Plans by Italy’s previous centre-left government to charge visitors to the Pantheon have been binned by the country’s new coalition government, culture minister Alberto Bonisoli announced on Thursday.
“On the contrary to what my predecessor decided in 2017, no entry ticket will be introduced,” Bonisoli said.
“A measure of this kind would have limited the tradition of free access to the capital’s churches of worship and created a barrier between the monument and the square it is in.”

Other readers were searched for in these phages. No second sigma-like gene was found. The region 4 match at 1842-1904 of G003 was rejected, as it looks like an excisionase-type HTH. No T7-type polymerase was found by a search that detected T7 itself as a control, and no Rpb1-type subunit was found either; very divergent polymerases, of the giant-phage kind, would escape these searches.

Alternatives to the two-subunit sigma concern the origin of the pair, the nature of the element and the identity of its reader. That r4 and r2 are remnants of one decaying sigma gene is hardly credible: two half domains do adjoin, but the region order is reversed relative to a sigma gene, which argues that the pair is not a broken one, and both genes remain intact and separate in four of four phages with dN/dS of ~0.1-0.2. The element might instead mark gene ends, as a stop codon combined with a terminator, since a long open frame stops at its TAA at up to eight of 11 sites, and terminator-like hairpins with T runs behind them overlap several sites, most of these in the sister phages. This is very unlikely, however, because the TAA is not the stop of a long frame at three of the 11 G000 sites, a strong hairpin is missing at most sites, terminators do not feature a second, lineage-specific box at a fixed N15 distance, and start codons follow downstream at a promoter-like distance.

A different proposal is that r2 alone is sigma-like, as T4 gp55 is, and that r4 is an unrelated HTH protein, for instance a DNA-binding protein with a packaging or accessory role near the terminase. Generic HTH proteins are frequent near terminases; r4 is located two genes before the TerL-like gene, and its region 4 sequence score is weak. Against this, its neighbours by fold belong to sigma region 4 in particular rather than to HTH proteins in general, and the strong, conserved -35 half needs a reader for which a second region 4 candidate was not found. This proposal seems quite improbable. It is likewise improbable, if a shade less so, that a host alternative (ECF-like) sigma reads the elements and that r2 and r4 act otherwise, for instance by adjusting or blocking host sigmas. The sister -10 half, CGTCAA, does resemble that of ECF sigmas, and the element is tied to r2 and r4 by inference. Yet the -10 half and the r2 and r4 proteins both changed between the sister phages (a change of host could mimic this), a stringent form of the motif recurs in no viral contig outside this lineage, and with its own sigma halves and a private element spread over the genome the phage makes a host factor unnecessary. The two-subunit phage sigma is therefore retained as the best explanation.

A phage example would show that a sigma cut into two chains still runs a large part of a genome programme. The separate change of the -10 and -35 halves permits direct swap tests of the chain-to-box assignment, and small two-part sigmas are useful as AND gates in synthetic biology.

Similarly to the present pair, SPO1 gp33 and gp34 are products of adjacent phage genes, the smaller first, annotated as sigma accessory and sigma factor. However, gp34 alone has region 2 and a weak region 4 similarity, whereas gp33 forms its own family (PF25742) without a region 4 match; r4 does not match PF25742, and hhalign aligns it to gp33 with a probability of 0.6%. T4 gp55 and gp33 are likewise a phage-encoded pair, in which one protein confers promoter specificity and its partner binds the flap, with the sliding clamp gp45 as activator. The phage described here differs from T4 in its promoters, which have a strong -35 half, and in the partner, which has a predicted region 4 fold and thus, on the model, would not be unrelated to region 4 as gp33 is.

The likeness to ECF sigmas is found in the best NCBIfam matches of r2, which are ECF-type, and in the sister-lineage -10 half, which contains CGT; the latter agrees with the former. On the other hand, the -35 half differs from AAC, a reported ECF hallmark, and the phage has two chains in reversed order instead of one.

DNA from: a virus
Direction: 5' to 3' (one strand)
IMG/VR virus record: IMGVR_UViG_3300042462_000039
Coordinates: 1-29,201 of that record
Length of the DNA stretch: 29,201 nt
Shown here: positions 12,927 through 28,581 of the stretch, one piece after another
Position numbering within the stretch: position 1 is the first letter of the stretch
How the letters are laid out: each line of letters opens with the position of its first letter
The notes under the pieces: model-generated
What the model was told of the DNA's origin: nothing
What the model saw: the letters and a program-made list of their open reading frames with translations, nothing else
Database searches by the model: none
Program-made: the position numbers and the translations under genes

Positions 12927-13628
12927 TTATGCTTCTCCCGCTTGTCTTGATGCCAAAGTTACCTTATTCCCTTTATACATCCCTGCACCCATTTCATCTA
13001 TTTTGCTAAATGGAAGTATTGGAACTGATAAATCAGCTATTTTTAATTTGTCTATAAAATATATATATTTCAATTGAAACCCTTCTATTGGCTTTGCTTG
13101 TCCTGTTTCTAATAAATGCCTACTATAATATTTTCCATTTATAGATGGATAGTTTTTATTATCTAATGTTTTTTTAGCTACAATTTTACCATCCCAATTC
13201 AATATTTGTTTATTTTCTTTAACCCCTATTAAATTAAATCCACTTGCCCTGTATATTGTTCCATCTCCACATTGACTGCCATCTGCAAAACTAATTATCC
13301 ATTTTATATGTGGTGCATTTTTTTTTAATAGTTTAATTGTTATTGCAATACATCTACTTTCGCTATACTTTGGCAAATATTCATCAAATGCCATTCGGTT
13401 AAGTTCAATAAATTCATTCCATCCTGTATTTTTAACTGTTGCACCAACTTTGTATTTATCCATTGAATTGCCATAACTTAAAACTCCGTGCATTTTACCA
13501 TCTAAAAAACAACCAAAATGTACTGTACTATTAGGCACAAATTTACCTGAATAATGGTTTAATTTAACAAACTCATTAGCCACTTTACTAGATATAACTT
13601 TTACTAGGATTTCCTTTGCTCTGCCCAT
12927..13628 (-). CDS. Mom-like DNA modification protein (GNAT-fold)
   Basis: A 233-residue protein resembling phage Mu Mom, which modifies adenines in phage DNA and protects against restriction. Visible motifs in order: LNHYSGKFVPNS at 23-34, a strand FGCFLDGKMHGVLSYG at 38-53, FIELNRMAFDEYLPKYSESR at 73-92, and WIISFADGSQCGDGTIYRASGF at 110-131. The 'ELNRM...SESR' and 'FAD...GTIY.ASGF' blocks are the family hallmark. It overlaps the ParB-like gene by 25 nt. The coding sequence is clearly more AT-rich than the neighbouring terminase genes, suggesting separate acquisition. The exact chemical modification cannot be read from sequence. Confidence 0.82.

The previous plan would’ve seen visitors charged €2 in an aim to squeeze more profit from Italy’s cultural assets.
Part of the ticket revenue would’ve also been spent on maintaining the site, which dates back to between 113 and 125 AD.
The Pantheon, originally a temple to all the Roman gods, is one of the ancient world’s best preserved monuments.
Now a church, the vast cylindrical structure whose undamaged exterior wall supports a 43.3 metre- dome with a circular skylight at its summit, contains the tomb of Renaissance painter Raphael.